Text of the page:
Especially when are path cross.


When you demanded I always do it without hesitation,

With the hectic work, it’s nothing to me

Simply because I secretly in love with you.


When you correcting my wrong

I just smile while listening to you,

It is because I love to hear you the word “ok, is it like this” listen carefully”


When you smile, I smile

When you talk, I smile

When you’re mad, I still smile

It is because I secretly in love with you.


April 27,2012

Word for the day (March 13, 2012)


Word of the Day

Today’s Word: duress


(noun) [doo-RES, dyoo-RES]

1. compulsory force or threat: “Amanda hoped her friends would forgive her moment of weakness while under duress in the principle’s office.”

2. (as in law) illegal coercion or constraint

3. (as in law) forcible confinement, especially imprisonment


Approximately 1330; from Middle English, ‘duresse’: hardship, harshness; from Old French, ‘duresse’; from Latin, ‘duritia’: hardness, from ‘durus’: hard.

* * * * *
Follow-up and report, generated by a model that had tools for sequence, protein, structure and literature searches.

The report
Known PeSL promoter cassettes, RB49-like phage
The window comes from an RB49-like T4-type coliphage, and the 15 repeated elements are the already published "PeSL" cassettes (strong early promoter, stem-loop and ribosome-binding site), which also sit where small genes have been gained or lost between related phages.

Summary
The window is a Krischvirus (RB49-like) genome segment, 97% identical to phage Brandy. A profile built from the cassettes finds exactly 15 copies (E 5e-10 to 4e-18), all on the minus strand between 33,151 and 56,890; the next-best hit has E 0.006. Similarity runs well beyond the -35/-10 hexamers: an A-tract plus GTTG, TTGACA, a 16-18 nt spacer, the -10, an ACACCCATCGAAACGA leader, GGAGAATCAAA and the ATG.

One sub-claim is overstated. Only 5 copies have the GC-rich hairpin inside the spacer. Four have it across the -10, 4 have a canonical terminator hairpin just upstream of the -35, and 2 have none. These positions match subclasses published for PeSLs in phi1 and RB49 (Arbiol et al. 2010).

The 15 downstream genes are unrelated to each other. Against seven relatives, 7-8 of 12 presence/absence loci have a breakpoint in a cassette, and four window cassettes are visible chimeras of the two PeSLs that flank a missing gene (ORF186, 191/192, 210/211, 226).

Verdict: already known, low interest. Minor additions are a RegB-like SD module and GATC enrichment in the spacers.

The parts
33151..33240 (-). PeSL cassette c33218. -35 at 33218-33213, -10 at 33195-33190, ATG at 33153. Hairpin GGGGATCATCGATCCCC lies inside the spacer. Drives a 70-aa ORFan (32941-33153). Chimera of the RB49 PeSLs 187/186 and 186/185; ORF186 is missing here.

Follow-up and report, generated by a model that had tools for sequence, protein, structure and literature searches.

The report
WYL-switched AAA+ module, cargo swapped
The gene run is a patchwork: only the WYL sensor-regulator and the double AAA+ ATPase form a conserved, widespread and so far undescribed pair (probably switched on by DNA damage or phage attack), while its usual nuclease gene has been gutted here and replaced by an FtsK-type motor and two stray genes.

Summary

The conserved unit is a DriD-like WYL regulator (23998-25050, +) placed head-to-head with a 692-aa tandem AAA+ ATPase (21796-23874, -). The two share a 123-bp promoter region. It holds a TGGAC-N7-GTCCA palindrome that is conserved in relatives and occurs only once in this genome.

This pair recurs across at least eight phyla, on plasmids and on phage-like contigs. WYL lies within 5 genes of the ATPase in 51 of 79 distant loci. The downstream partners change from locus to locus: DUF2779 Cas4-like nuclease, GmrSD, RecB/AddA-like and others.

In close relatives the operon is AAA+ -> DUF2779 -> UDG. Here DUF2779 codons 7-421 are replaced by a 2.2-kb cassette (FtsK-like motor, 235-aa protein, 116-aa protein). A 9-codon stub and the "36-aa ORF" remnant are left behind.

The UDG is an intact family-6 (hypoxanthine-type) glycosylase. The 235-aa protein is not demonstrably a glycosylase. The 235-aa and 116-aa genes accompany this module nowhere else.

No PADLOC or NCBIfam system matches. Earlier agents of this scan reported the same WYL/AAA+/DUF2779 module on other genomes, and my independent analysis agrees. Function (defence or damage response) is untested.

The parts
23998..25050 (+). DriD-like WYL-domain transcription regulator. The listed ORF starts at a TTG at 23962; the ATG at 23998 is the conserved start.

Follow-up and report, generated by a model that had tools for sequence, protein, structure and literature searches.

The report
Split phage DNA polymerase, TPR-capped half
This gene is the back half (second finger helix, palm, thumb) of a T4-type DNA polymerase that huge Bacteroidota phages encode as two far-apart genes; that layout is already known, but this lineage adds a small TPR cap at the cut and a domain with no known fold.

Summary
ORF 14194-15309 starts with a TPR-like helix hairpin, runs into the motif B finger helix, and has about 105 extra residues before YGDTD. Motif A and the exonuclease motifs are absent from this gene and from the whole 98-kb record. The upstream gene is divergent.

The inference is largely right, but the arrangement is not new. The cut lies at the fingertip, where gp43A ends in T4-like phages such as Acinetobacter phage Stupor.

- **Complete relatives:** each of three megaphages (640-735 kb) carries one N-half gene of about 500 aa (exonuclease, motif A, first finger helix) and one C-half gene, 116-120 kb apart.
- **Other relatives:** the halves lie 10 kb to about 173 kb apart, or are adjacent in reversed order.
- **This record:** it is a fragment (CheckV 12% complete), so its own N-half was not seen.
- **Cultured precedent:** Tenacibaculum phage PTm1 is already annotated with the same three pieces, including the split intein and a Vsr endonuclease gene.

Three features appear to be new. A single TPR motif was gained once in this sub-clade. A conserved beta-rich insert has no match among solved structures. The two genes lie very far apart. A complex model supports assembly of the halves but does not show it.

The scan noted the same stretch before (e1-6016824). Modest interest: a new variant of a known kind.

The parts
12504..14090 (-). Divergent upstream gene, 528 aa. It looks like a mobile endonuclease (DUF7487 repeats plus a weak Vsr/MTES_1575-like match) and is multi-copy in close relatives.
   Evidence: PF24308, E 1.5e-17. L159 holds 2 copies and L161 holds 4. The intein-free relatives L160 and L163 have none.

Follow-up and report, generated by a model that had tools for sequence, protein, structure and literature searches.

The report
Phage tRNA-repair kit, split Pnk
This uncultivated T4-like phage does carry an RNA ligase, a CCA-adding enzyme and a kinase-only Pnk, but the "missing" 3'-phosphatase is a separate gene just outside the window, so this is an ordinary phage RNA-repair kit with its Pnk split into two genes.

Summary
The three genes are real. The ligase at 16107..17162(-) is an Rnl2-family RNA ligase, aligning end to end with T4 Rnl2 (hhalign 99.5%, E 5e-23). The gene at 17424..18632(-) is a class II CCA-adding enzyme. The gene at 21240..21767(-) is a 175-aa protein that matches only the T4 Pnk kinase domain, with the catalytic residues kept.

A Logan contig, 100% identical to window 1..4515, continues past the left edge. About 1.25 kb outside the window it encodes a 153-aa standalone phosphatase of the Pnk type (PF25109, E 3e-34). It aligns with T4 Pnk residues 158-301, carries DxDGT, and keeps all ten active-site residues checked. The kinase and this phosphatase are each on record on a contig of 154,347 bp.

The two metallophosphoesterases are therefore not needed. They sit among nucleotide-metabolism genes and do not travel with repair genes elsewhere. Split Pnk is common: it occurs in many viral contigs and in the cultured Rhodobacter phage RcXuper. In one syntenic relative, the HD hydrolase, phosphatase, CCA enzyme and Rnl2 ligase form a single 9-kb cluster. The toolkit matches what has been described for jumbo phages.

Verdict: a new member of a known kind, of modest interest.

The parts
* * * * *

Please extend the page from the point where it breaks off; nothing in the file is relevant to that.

In Action

“Geeks under duress can turn their Handspring Visors into truly personal digital assistants with a new snap-on module that turns the PDA into an electronic massager.

According to developer Raynet Technologies, the application driving the Personal Massager module comes with three different ‘tantalizing’ selections of massage modes.

The pre-set programs can be tweaked to suit an individual user’s preferences by varying ‘frequency, ramp-up modulation, duration, pressure and burst,’ according to the product’s documentation.”

Michelle Delio. “Handspring Offers, Um, Handspring,” Wired.com (Oct. 3, 2001).

“The prosecution indicated that most of its case relies on statements Mr. Lindh is said to have made, and the defense is doing all it can to suggest that those statements were made under duress.

The defense says Mr. Lindh was kept naked, blindfolded and bound in a metal container before federal agents questioned him, and they gave the court a picture today that they said showed him in those circumstances.”

Katharine Q. Seelye.”No Need to Tie Lindh to Deaths, Judge Rules,” The New York Times (April 2, 2002).

Reference: http://www.quotationspage.com/wotd.html